Miya Jellaluddin and the Lost Child – Part One

“What comes will go. What is found, will be lost again but what you are, is beyond coming and going and beyond description”

Rumi

His chaupaal was busy; kids chasing sprightly chickens, dogs sunbathing peacefully and Miya relishing his sugarless tea while sitting on his squeaky chair. The dreadful civil war in Birsa had just ended a month ago and life began to crawl slowly to the routine.

‘So what was life like in your childhood?’ asked a seemingly disoriented man

Miya looked at the young sky and smiled.

‘My childhood was fun yet complicated. We discovered new things every day.  It was like digging a grave and finding something exceptional each time’

Puzzled, the man probed further, ‘Digging a grave? What does that mean?’

‘Yes, I was a curious child and wanted to learn everything quickly. We did not have much time to get ourselves educated for years. Everything happened at a quick pace’

‘But I always imagined your era to be extremely slow and regressive’, the man laughed.

‘My Era’, Miya smirked, ‘is yet to come’

‘What do you mean?’

‘We always believed in looking at the future. The past was just a reminder of an era that destroyed everything it created. Our people were protective of their tribes and did not want us to take the road back into the Dark Age. It was forbidden.

We did not have schools. And that spared us the history; none of us were curious about it anyway. Dead people were past and we did not bury them. We set them sailing into the ocean with all due respect. Our rules prohibited digging earth for some reason; no questions asked. Sometimes, I would stumble upon something unique in the forest and surrender it to our tribal head. He would examine it and just make it disappear. Not actually disappear, but nobody knew where he’d keep it.

We only had a handful of things to eat. It was said that the past era enjoyed ultimate bounties of nature and had a million things to eat. They did not leave us with much though. We relied on wild animal meat and a few pulses that our tribe grew. Water was scarce and polluted. The poison in oceans would consume the corpses we would sail. Rains were a rare phenomenon.

One day, a few hunters from the tribe found a little child near the ocean. The child appeared bruised and frail. They went back to the tribe leader whilst contemplating leaving the child at nature’s mercy. Much to their surprise, the child crawled all the way and reached the village. People were shocked and terrified at the same time. The tribe decided to surrender the child to the ocean considering its demonic act.

‘I will be responsible for this child from today. You found the child near the ocean. It’s clear that the ocean does not need it. Maybe we do.’ one man gathered the courage to speak up.

‘We found this child near Soloma. It is not very auspicious’, they retorted in despair.

‘Regardless, we should show some mercy. Remember, we do not belong to the Dark Age’, the man retaliated.

Soloma was an opening of a cave that spread through and into the deep ocean. When looked from the opening, you could see dark blue water gushing into its arterial walls. There was certainly an end or another opening to the cave but nobody knew. They did not have the courage to explore it deep down. It was a mysterious place but I always found it beautiful and intriguing.

Without further deliberation, the man was allowed to keep the child. They thought that was the first time the poisonous ocean brought life back.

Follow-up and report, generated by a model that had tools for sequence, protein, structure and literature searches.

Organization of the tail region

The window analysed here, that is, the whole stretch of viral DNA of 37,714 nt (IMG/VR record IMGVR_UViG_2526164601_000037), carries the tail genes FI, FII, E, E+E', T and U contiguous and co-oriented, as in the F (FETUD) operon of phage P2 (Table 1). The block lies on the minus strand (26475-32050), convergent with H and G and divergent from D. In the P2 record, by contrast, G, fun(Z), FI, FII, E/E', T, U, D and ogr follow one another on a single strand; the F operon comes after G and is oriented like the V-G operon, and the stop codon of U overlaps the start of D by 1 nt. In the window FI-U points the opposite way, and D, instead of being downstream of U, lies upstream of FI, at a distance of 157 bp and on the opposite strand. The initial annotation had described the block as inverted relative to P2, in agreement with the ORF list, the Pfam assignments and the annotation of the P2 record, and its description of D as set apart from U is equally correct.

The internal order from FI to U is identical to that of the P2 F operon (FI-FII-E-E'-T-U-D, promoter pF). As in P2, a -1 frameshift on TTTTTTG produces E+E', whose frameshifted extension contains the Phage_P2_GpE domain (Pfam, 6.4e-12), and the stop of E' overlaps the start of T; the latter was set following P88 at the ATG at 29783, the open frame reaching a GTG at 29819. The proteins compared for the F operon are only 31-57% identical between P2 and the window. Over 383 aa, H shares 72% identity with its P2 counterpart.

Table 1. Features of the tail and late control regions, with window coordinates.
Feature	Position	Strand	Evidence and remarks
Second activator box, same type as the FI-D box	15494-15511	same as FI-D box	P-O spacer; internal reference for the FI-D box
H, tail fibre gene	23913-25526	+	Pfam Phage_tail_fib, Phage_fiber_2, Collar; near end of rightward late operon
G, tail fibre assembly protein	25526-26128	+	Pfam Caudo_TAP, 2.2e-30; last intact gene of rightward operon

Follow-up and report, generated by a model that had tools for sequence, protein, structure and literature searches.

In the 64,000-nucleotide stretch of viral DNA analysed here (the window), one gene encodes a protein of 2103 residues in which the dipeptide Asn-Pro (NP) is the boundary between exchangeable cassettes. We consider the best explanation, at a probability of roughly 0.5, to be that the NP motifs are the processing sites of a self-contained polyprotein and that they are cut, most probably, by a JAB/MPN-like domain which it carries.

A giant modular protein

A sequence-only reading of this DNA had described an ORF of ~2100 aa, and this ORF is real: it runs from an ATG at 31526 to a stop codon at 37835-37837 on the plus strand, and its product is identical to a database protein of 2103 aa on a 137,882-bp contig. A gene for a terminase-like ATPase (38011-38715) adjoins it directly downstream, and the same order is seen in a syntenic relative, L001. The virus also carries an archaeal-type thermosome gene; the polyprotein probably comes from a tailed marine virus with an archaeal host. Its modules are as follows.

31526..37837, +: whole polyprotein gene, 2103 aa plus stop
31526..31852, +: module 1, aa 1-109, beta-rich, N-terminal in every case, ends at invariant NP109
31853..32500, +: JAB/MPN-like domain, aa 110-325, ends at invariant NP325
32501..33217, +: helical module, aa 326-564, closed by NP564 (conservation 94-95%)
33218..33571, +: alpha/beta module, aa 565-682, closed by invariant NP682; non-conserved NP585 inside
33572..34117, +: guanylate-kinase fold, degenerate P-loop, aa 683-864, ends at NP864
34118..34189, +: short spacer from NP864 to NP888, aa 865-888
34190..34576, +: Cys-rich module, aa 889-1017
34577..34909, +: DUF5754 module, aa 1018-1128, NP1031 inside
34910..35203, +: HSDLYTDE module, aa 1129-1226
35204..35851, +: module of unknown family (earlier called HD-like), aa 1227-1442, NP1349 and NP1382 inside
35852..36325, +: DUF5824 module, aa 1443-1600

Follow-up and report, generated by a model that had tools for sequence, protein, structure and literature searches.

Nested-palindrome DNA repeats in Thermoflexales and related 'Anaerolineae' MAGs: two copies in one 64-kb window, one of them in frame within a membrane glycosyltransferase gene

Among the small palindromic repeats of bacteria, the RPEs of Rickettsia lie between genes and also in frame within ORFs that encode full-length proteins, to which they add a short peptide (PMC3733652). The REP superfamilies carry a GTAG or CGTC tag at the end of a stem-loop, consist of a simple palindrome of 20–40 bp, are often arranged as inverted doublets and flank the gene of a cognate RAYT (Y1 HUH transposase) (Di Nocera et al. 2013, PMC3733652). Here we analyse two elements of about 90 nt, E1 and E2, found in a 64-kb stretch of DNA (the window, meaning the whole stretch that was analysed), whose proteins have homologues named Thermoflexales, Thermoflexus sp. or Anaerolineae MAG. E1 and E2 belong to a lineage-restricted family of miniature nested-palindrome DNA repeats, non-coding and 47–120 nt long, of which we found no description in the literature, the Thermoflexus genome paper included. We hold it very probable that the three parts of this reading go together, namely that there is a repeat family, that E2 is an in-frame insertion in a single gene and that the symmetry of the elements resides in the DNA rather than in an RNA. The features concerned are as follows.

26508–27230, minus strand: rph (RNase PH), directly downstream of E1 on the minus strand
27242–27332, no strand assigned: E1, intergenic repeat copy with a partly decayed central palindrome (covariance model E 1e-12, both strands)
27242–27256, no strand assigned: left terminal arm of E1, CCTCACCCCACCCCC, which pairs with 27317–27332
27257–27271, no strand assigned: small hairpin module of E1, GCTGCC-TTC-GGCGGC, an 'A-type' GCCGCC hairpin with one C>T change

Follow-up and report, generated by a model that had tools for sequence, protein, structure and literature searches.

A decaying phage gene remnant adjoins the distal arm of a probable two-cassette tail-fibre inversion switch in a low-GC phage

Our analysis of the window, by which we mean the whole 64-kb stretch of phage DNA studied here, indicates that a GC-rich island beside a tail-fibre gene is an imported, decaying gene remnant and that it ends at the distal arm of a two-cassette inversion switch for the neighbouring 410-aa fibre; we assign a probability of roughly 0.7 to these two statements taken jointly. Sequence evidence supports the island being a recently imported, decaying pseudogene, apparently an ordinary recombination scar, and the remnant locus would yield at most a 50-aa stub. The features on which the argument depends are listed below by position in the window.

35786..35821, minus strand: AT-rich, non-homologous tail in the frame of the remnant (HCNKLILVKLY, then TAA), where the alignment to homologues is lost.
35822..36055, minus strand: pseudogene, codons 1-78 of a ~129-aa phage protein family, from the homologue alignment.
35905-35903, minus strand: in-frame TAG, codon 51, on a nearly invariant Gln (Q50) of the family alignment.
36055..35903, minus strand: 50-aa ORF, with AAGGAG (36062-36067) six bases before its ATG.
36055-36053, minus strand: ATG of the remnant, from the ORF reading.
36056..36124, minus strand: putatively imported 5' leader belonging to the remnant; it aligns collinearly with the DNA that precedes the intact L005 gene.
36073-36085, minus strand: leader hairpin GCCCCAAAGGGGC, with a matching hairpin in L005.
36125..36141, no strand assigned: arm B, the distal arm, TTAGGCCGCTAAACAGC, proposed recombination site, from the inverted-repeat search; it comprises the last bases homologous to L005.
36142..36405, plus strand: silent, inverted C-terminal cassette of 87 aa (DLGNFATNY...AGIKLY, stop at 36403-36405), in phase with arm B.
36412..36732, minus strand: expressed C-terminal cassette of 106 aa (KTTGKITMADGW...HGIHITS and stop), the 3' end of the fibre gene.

Years passed. The man died. The child was now a strong boy who spoke vaguely about the future.

He spoke of things unheard. He spoke of metal and death. He spoke of incurable diseases. He spoke of supreme beings trying to control the world, a conspiracy designed to kill immortals, and a solution to bring chaos and anarchy to regain power. He spoke of a bleeding world and a new race emerging from desolation; a race that brings an end to everything. But he also spoke about a saint who saw the future and a glimpse of hope in it.  He said that this saint lived somewhere in the middle of the world and middle of millennia.

The future, as they thought, wasn’t pleasant. The tribe believed that with all the hidden mysteries, they could prevent an uncertain and untoward future. Life, as it had always been, beyond their understanding and no one bothered to question it.

The boy began to live with the tribe, perhaps, as a cursed species. He slept in a horse’s stable for years and filled his stomach scavenging for leftovers. The tribe, eventually, began to pity his failing health and decided to adopt him. They realized that his only curse was his origin which wouldn’t categorically extinguish the human out of him. He was just like anybody in the tribe.

He grew along with the tribe, learned to hunt and feed the people. He was strong and had really unusual tactics to find prey. They ascribed his abilities to his unknown roots and happily offered to make him their son in law. But…’

Miya Jellaluddin, began looking at the sky. Tears flowed and his hands shivered.

‘What’s the matter Miya?’ the puzzled man asked. ‘What happens next?’

‘That’s it for today dear. I need to get some rest for now’, Miya explained.

‘Let me help you get inside. It’s getting cold’ the man volunteered.

‘Nobody is welcome in Miya’s little hut. That, I keep to myself’, Miya smiled and entered his little hut.

Life is mysterious and it is that little string of belief that binds all of us together. Miya was one end of that string. He knew it. He couldn’t explain it, for today’s man, it would be divine and he didn’t want to be put on a pedestal of divinity and its misfortunes.

He sat there on the ground and smiled.

Take me there now. To the life beyond. To meet The Lost Child.

Rejoiced. Miya dived into the gushing water beneath his feet!

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